For the first time, researchers at the Institute for Research in Barcelona (IRB) have found the protein CD36 on cancerous cells which have the tendency to spread. The study was partially supported by UK charity Worldwide Cancer Research and led by Professor Salvador Aznar Benitah at IRB. CD36, seen in membranes of the cancer cells, is playing a major role in fatty acids intake. This distinctive activity of CD36 and fatty acid dependence differentiate cells which initiate metastasis from other cancerous cells.
Cancer is extremely life threatening when it spreads to other parts of the study; at this stage therapy is very complicated. Scientists are now trying to identify how cancer spread happens so they can discover new methods to block it.
Researchers noticed that CD36 is present on metastatic cancer cells from patients with various tumours such as melanoma lung, breast, ovarian, bladder, skin cancer and oral tumours. To affirm the tendency of CD36 in spreading cancer, they included it to non-metastatic tumor cells which then transformed into metastatic cells.
Even though we have not tested this in all types of cancer, we can say that CD36 is a common marker of metastatic cells, the primary thing I know about that is normally peculiar to metastasis, explains Professor Benitah, who serves as the Head of the IRB's Stem Cell and Cancer Lab.
We anticipate this study may lead to advancements in metastasis studies. We hope that we can evaluate the CD36's potential as an anti-metastasis therapy.
The researchers then observed the role of fat intake on cancer metastasis. They fed mice with high fat food and then injected them with human oral cancer cells. The high-fat food led to frequent and larger metastasis on 50 percent of the mice.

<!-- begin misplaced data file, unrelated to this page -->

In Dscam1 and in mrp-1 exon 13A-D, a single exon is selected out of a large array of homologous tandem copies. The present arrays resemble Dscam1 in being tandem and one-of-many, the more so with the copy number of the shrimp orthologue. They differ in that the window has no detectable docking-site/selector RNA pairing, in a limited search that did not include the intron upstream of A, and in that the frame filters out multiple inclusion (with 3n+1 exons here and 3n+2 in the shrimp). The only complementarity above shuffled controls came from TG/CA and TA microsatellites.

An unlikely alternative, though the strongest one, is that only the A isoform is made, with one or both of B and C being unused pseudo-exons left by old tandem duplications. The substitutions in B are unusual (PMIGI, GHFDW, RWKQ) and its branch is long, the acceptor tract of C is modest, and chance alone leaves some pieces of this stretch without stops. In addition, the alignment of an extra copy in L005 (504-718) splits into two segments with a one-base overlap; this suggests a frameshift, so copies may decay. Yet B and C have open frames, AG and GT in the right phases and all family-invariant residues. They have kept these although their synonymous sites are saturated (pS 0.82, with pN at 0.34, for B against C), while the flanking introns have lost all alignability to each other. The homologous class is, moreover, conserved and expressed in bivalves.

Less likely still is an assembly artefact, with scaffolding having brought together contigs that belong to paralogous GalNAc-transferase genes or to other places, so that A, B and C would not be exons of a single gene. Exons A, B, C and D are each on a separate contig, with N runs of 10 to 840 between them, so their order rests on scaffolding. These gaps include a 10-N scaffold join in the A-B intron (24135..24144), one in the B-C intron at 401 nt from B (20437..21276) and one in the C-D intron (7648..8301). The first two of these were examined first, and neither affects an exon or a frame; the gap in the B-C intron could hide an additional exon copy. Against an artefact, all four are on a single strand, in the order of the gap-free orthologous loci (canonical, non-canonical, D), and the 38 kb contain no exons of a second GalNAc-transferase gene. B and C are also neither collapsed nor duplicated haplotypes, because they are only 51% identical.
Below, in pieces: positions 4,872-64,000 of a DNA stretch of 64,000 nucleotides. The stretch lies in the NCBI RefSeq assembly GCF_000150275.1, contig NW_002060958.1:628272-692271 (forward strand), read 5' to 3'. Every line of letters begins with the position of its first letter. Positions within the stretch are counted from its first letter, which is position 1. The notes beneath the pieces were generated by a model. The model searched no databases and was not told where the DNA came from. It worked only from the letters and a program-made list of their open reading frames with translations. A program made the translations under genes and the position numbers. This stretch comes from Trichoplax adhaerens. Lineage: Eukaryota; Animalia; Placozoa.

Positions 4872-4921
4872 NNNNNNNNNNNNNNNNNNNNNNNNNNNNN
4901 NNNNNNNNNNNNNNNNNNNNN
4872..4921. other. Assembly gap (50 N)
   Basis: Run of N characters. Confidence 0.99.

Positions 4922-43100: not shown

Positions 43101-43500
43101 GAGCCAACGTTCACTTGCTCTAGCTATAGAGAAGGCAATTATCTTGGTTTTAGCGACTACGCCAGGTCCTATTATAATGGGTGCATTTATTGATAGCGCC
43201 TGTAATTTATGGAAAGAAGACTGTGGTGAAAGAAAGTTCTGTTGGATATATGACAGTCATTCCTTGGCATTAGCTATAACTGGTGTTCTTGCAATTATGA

They continued to test a particular fatty acid known as palmitic acid, a key component of animal and vegetable fats which is abundantly present in palm oil and is used in several household items like toothpaste and processed food. The researchers administered palmitic acid on human oral tumor cells for two days then injected them into mice which were provided a normal diet. The research team found that every mice with CD36 had cancer metastatsis compared to those without palmitic acid.
In mice infected with human oral cancer cells, there exists a direct connection between fat intake and a rise in metastatic potential because of CD36. Further studies are required to disintegrate this relationship, especially since developed countries are showing a substantial raise in the intake of sugar and saturated fats, mentions Professor Benitah. “Fat is essential in the functions of the body, but excess intake may have a bad effect on health, as previously revealed in some cancers such as colon cancer, and in metastasis, as we show here.”
By observing mice with oral cancer, the researchers were then able to demonstrate that stopping CD36 entirely prohibited metastasis. In mice with tumour cells that have previously metastasized, CD36 antibodies resulted in the entire removal of metastases in 20% of the mice, while in others, it resulted to a remarkable decline of 80-90% in terms of metastases and a decrease in size. Prominently, these were all accomplished with no severe side effects.
The researchers are now creating new antibody-based treatments against CD36 that might potentially treat many types of cancers in the days to come.